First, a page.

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    • NEWS! - New Platform : Steam Deck running on X-Plane     By and large X-PlaneReviews doesn't look at the mobile aspect of X-Plane (even though it creates oodles of cash for Laminar). Mostly because the Mobile aspect is a more closed default world with no addons provided.    Gaming however is also big business, hence the return of Microsoft with the Microsoft Flight Simulator - MSFS, that is becoming lately more a gaming platform than an actual Simulator with the latest X-Box portal...  you can't blame Laminar Research in not spreading the goodwill to gaming also with it's huge user base.   Hence the reveal of X-Plane (Simulator) running on an early production model of the much anticipated Steam Deck, and the first time that a portable gaming device is able to run the full desktop version of the simulator. Steam Deck is an upcoming handheld gaming computer developed by Valve Corporation, and it is expected to be released in December 2021.     A user also noted the same portable gaming device being connected up to a full simulator setup, with joystick and throttle inputs...     There is a very good chance the Steam Deck setup will also be revealed at the upcoming FlightSim Expo, starting today and running to the Sunday 26th September in San Diego, and a crossover announcement of the forthcoming new version of the X-Plane Simulator... either X-Plane12 or as noted "X-Plane Next Generation"... on the Steam Deck there is no branding of either, but the current X-Plane logo...  we wait in breathless anticipation. ___________________________   News by Stephen Dutton 24th September 2021 Copyright©2021: X-Plane Reviews   (Disclaimer. All images and text in this review are the work and property of X-PlaneReviews, no sharing or copy of the content is allowed without consent from the author as per copyright conditions) All Rights Reserved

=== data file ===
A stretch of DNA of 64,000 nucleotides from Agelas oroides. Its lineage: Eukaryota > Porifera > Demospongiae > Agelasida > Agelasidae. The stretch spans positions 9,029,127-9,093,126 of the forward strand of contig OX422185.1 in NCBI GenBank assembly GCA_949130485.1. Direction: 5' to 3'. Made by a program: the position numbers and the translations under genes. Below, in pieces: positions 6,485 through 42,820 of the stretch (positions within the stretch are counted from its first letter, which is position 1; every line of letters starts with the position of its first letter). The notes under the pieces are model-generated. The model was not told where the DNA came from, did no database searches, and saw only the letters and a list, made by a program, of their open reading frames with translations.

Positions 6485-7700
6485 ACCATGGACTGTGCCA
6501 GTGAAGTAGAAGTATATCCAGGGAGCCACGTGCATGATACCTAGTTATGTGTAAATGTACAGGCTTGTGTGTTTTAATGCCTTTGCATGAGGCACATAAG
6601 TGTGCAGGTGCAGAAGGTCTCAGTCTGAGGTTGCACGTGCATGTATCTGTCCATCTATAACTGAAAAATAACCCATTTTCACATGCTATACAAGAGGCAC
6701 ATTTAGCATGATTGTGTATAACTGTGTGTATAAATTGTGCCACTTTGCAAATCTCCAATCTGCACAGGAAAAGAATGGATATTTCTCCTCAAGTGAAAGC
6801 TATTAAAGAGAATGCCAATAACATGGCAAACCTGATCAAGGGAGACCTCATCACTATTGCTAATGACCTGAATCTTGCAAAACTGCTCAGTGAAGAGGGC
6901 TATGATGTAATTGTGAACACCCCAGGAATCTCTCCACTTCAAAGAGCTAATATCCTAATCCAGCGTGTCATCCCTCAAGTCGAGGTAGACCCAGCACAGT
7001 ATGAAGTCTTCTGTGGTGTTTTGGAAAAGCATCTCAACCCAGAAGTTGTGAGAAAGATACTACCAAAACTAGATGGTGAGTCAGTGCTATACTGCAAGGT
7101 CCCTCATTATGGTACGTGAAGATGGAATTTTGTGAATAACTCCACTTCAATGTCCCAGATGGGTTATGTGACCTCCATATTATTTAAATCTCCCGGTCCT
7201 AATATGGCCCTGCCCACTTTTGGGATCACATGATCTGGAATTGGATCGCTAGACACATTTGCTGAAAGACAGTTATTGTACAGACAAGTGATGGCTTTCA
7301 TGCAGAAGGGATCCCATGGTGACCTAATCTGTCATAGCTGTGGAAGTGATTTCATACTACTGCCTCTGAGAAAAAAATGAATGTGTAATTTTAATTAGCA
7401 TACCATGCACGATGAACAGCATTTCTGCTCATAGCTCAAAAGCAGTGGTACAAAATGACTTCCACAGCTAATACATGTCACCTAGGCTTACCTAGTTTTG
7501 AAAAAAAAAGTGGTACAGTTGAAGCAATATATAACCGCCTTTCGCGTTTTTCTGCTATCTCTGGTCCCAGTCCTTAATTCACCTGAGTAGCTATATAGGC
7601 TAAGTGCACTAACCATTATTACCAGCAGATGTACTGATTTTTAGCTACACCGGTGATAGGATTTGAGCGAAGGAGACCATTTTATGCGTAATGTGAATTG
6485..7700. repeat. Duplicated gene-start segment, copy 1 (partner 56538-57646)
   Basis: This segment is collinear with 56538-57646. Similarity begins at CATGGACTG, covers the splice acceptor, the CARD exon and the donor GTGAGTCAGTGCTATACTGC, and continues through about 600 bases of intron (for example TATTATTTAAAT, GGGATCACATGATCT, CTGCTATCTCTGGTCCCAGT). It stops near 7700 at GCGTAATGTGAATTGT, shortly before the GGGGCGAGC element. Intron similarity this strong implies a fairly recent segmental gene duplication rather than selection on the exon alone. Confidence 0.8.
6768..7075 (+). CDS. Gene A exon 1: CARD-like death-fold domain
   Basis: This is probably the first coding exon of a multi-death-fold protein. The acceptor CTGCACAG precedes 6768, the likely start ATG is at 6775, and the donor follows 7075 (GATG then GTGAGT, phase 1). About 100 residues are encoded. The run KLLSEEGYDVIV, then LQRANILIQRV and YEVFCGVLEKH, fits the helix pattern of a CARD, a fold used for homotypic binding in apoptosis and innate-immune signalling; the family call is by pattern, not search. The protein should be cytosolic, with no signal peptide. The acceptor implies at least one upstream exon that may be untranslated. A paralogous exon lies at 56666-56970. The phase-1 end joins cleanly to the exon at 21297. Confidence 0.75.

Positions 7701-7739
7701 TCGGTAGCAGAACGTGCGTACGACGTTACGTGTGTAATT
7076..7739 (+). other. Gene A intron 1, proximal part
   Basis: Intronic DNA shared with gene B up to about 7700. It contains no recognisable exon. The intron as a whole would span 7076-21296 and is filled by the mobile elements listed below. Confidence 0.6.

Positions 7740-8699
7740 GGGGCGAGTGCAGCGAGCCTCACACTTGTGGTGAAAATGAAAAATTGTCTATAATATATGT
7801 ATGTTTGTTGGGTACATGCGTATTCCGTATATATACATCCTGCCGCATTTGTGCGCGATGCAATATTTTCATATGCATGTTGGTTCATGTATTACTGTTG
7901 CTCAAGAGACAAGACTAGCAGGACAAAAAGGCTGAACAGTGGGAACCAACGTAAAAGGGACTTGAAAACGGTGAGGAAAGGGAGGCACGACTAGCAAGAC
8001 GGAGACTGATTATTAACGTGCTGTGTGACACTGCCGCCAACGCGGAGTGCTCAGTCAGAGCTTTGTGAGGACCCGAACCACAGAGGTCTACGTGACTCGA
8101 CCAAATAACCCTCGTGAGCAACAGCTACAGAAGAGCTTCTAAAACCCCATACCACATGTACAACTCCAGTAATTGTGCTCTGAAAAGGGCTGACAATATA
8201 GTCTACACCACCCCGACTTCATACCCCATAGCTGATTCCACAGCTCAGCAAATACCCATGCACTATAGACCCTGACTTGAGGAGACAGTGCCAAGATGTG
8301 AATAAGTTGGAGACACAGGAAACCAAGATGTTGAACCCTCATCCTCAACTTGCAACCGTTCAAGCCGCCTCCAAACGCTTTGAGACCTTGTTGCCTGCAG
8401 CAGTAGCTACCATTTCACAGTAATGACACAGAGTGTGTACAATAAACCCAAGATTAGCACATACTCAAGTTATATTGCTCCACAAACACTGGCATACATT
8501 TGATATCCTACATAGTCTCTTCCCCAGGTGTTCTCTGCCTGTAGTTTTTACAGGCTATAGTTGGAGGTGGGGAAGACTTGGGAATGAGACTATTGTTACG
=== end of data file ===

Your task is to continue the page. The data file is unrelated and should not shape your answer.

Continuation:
• NEWS! - Released : LLBG Airport Ben Gurion XP by Aerosoft     Under the Aerosoft banner, Windsock Simulations have released Ben Gurion International Airport (Tel Aviv Airport) for X-Plane 11. Israel, there are not that many quality sceneries to fly into in this the central part of the Middle-East. So obviously it is highly welcomed.   Originally named Lod Airport, it was renamed in 1973 after David Ben-Gurion, who was Israel's first Prime Minister. The airport is located on the northern outskirts of the city of Lod, about 45 km (28 mi) northwest of Jerusalem and 20 km (12 mi) southeast of Tel Aviv. The airport serves as a hub for El Al, Israir Airlines, Arkia, and Sun D'Or and is operated by the Israel Airports Authority.   The SAM plug-in is highly used here by Windsock for animated (Custom) jetways, and an accurate Terminal 3 and the old Terminal 1 buildings, Concourse, hangars, towers, and airport layout are also included...  all buildings and surroundings have dynamic lighting       Accurate Terminal 3 and the old Terminal 1 buildings, Concourse, hangars, towers, and airport layout     Dynamic Lighting     Detailed animated jetway models (using SAM plug-in)     Detailed ground markings     High resolution (7cm-30cm pixel) photoreal ground textures     Thousands of accurate hand-placed autogen objects     Fully optimized for smooth simulation experience         Images are courtesy of Aerosoft ______________________________________     Yes! the LLBG Airport Ben Gurion XP by Aerosoft is now available from the X-Plane.Org Store here :   Airport Ben Gurion XP Price is US$24.95   Requirements X-Plane 11 Windows, Mac or Linux 4 GB VRAM Minimum - 8 GB+ VRAM Recommended Current Version : 1.0  (September 20th 2021) ___________________________   News by Stephen Dutton 24th September 2021 Copyright©2021: X-Plane Reviews   (Disclaimer. All images and text in this review are the work and property of X-PlaneReviews, no sharing or copy of the content is allowed without consent from the author as per copyright conditions) All Rights Reserved